So is this the place where we can finally offload that I have actually read about 3 books in this series? (gimme a break it was a wet beach holiday with nothing else to do. Time travel is scifi/fantasy!). Romance is a rabbit hole best not to go down with its readership - it is varied and passionate.

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Blarkon has opinions thus...

Posted April 12
Dunno about time travel stories that don't involve Deloreans, Police Boxes, Starships or entire FKN aircraft carrier battle groups.

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JBtoo has opinions thus...

Posted April 12
The books started off really well; richly depicted historical fiction, based on solid research,with a fantasy twist - what's not to love. I thought the series went on too long and got a bit silly. I'll be interested to see how the TV version goes.

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NBlob is gonna tell you...

Posted April 12
I have a policy against period drama.
Recreations/ dramatisation in crap docos can be a deal breaker.
But it's time travel. So it's sort of SF. But it's Druidy which is close enough to Greybeard to warrant suspicion.
Much thinking this will require.

NBlob puts forth...

Posted April 12
La Bobette is reading Dragonfly in Amber. This is not an endorsement.

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Barnesm puts forth...

Posted April 12
"better than BSG" yeah but if this is series four BSG that's a pretty low bar.

John Birmingham asserts...

Posted April 12
Somebody had to say it. And it had to be you.

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she_jedi swirls their brandy and claims...

Posted April 12
I love this show so much, and it's been adapted from the books with much love and faith and attention to detail. The books are monsters, these things are frigging doorstops, so adapting it for TV is a bigger challenge than you think. Gabaldon's idea of a "short story" is any other author's idea of a full length novel.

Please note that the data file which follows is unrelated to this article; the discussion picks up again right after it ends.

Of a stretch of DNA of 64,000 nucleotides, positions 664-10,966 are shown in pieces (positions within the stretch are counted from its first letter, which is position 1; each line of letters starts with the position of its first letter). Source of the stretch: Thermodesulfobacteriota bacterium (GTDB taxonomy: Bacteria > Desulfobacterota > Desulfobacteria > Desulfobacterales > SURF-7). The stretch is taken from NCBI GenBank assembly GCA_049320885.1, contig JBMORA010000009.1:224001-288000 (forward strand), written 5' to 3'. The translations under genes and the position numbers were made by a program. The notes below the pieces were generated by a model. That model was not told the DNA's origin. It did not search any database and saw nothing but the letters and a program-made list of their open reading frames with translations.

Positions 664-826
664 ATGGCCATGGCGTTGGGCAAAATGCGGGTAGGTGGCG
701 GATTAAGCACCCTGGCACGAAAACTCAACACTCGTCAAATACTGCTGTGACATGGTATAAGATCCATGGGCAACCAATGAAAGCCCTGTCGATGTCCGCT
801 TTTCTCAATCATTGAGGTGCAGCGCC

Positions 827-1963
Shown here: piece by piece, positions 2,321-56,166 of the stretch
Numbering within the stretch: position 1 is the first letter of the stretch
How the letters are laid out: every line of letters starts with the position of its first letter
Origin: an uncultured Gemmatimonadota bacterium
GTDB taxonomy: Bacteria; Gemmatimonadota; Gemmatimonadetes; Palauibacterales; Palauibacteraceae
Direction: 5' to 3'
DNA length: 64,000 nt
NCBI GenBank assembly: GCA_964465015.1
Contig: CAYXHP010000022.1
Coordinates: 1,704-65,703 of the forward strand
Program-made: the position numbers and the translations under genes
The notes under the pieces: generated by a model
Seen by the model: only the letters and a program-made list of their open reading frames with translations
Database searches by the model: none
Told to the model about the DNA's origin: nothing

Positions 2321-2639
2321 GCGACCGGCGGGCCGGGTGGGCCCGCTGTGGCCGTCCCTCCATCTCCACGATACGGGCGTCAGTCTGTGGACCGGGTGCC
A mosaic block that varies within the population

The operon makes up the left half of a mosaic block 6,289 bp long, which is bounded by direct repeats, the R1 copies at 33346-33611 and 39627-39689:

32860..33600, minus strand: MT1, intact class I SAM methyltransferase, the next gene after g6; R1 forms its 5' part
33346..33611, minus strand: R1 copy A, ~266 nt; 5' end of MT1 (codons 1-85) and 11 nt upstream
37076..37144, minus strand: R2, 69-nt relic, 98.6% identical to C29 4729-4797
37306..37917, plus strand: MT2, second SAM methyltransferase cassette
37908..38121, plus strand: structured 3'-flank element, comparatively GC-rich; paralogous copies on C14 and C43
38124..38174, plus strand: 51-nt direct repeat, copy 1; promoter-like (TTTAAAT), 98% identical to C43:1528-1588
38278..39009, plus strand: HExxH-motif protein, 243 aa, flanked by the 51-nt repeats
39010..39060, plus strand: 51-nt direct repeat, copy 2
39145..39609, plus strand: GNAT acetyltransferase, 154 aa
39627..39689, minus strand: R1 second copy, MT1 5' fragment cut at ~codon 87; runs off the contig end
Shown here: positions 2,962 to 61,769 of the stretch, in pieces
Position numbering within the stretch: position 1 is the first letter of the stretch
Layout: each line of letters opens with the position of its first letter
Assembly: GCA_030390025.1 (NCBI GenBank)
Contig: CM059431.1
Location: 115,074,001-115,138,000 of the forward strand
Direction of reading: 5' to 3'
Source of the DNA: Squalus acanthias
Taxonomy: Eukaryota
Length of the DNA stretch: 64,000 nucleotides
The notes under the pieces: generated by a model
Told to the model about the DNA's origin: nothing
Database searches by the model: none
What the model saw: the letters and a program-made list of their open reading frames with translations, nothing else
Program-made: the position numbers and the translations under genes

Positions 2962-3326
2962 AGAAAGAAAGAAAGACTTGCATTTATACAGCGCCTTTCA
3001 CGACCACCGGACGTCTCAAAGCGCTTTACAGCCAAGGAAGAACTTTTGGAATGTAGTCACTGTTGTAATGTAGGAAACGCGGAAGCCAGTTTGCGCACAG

I've just started season 2, via means best not mentioned, and the first episode was an absolute punch in the gut grip you by the throat job, so it's only going from strength to strength. Those of you who can now binge season 1 in its entirety, without having a 4 month break in the middle of the season like the rest of us did, will be spared a world of teeth gnashing angst at the cliff hanger we were left on. There were memes.

I'm not even going to start with the "if you loved X you'll love Outlander..." comparisons, it's time travel via Stonehenge, there's blood, guts, sex, rebellion, politics, did I mention sex?, and a heap of well handled WTF moments, as Claire's proto-feminist 1945 assumptions smash up against the societal expectations of 1745 and leave her reeling. This is handled beautifully, because her native time is as alien to us in some ways as the time she's thrust into, and it's super compelling.

And if you're still put off by the romance tag, this show (and the book) is surprisingly brutal. Not GoT torture porn brutal, but real world, inescapable, shock you brutal. My best friend and I made a pact to watch a certain episode together because we'd read the books and knew what was coming, and she didn't have the stomach to sit through it alone.

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JPetherick is gonna tell you...

Posted April 12

My wife was anxiously awaiting the start of Season 2 on Showcase in Canada. It is quite good television drama, regardless of genre, with probably the most realistic depiction of sex and violence available right now. And the characters suffer from that violence for more than a single episode. There is definitely a reason that it is broadcast at 10 pm on Sunday night, well after the kiddies are in bed. And, to be honest, way more male nudity than female ... which may be why my wife likes it so much. The episode that you mention - well, I haven't seen it's like on television for some time.



she_jedi puts forth...

Posted April 12
I don't think I've ever seen its like; it's not something that would ever have made it on to a commercial channel. This is the great strength of the cable channels, they have the freedom and often courage to push the envelope way beyond their audience's level of comfort.

The brilliance, if I can call it that, of the direction and staging of that episode is that the events in that episode are so pivotal to the story as a whole, to have shied away or edited what happened in any way would be detracted entirely from the story, and damaged the credibility of the series as a whole. I deeply respect the producers and show runners from not flinching from this one in the slightest, they did an amazing job.

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Miss Maudy swirls their brandy and claims...

Posted April 12